A Connecticut resident, Nader would not budge on revealing his November ballot choice, but says Sanders and Green Party presidential candidate Jill Stein best represent the movement he’s trying to advance.

“Once you endorse somebody by saying you’re going to vote, you’re stuck with all the other things that that person may not be good at,” he says.

If you make the determination that Lyndon Johnson was a better choice to be president than Barry Goldwater, you’re personally responsible for the Vietnam War, so it totally would have been better for Johnson voters to cast write-in votes for themselves and throw the election to Goldwater. This is silly coming from anybody — coming from someone who denies any responsibility for the consequences for his active and successful attempts to throw a presidential election to George W. Bush…what can you even say.

Ralph Nader’s vote is too precious to give away to someone who doesn’t make him feel really special

[ 9 ] May 14, 2016 |

nader

Also both sides do it and not a dime’s worth of difference.

Ralph Nader, the former Green Party presidential candidate and lifelong consumer activist, says Donald Trump’s dizzying presidential candidacy hasn’t been all bad, while Hillary Clinton is winning the Democratic nomination by “dictatorship.”

And though he has heaps of praise for Bernie Sanders, Nader still won’t say whom he voted for in the 2016 primary or which candidate he plans to cast a ballot for come November. He’d actually prefer there was an option for “none of the above.” . . .

[I]n an interview with U.S. News, Nader expressed more positive thoughts about Trump’s candidacy than Clinton’s.

The liberal activist says Trump has brought some important issues to the fore.

“He’s questioned the trade agreements. He’s done some challenging of Wall Street – I don’t know how authentic that is. He said he’s against the carried interest racket, for hedge funds. He’s funded himself and therefore attacked special interest money, which is very important,” Nader says. “But he’s lowered the level of political debate to unheard-of depths of salacious, slanderous and vacuousness, garnished with massive self-boosterism and repetition.”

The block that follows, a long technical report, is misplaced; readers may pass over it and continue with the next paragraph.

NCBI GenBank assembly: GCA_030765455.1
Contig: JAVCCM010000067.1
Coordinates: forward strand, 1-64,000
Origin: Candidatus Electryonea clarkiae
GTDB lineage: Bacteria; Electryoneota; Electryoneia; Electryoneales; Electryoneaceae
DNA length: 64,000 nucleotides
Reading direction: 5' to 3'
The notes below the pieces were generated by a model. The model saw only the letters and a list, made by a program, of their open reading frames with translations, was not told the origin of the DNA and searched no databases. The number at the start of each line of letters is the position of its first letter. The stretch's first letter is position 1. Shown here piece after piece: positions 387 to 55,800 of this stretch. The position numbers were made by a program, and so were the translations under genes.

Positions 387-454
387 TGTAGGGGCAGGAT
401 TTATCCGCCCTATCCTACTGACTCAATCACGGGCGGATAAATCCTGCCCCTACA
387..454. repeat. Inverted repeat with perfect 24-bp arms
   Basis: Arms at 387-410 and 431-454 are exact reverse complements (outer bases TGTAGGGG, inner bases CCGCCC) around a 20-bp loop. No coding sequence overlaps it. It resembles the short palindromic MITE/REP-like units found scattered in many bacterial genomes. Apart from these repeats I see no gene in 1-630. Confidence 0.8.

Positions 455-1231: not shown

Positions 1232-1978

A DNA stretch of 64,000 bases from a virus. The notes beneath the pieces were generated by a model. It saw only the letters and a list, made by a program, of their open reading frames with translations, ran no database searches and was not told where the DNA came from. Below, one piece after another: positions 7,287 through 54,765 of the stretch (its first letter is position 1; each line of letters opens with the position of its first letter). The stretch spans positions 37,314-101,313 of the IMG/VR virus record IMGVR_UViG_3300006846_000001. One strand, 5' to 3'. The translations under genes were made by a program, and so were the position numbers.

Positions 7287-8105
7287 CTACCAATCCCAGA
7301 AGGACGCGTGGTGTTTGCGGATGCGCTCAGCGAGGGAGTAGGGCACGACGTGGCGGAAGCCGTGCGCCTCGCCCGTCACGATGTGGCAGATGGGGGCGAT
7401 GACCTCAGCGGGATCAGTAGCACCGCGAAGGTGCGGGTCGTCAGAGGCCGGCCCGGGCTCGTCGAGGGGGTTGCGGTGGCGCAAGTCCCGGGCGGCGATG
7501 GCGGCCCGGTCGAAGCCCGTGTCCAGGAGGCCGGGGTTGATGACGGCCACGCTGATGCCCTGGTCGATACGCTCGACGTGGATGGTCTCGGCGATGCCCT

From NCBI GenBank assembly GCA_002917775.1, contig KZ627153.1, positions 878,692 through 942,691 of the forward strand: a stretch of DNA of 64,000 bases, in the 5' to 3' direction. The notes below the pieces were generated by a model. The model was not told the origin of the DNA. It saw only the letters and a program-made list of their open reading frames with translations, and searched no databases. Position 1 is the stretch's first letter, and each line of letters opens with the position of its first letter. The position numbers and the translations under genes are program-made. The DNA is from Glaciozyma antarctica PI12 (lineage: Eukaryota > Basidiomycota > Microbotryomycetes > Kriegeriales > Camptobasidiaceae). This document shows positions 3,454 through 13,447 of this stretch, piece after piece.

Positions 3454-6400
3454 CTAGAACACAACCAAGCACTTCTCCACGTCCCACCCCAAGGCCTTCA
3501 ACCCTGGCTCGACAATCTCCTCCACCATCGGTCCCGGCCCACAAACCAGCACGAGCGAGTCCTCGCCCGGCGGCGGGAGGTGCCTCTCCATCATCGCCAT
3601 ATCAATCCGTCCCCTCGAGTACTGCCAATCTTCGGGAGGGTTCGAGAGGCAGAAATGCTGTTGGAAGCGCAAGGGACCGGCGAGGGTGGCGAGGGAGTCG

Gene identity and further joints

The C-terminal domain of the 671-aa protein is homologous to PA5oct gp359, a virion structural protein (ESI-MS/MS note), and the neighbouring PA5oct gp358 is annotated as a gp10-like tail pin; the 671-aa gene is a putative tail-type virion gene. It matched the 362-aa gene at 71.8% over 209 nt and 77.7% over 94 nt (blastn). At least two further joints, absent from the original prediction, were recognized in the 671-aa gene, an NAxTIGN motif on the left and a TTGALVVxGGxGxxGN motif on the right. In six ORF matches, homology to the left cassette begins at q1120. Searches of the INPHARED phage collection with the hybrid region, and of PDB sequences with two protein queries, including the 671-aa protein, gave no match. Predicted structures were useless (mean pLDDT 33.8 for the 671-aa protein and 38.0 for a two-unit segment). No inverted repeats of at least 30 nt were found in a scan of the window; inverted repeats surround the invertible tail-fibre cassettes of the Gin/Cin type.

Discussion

“And that’s not good, because that brought a lot of money into the media and that’s the kind of debates they’re going to want to goad.”

When asked what positive contributions Clinton has made to the 2016 campaign, Nader called her a “corporatist, militarist Democrat” who would have been defeated by Sanders if every state held an open primary.

“She’s going to win by dictatorship. Twenty-five percent of superdelegates are cronies, mostly. They weren’t elected. They were there in order to stop somebody like Bernie Sanders, who would win by the vote,” he says.

To date, Clinton has captured 3 million more total votes than Sanders, but Nader argues the results would be different if independents were allowed to participate in each state.

. . . Scott does the light lifting of picking apart Nader’s nonsense.

How to Get Drafted as a Quarterback in the NFL

[ 19 ] May 14, 2016 |

goff-jared-09192015-us-news-getty-ftr_17vy4gug61xw81vf2t6buxk3x1

Step 1: Be born wealthy:

• 13 of the 15 quarterbacks grew up in homes that were valued near or above the median home value in their respective state, according to public records and online real estate figures. Seven families lived in homes that were more than double the median values: Goff, Hackenberg, Carson Wentz, Connor Cook, Jeff Driskel, Kevin Hogan and Jake Rudock.

• 13 of the 15 quarterbacks in the 2016 draft spent their early childhoods in two-parent homes. (Of note, a majority of the 30 parents hold four-year college degrees.)

Many have debated the value of so-called quarterback gurus for more than two decades, ever since people such as Theder got involved and created a cottage industry. Many college and pro coaches privately lament that quarterbacks are showing up to preseason camps heaving learned bad habits. Other coaches sing the praises of private coaches who can work with athletes during periods when NCAA and NFL rules bar teams from having contact.

It’s become standard for draft eligible quarterbacks to sign with agents who will pay for the athlete to work out with a coach of his choosing before the draft. And the fee will typically range anywhere from $10,000 to $20,000, depending on the prominence of the athlete. In some cases, the bigger the name, the less he pays. Often enough, though, the quarterback coach has had a relationship with the pupil long before the draft process.

One of the major benefits to youth quarterbacks is the progressive effect of empowerment, according to Dr. Elko, the sports psychologist. “All coaches are not created equal,” Dr. Elko says, “but the really good coach will show you how you’re better and convince you you’re better. That’s especially important for quarterbacks, because we know the best quarterbacks have a confidence that’s not really related to anything tangible. They just believe.”

The whole article profiling the current crop of NFL QB draftees is really interesting, but the strong correlation between wealthy parents, stable home lives, and being drafted as a QB compared to the rest of the NFL is really striking.

SEX! Now that I’ve gotten your attention, let’s talk about The Federalist. AND SEX!

[ 25 ] May 14, 2016 |

HOT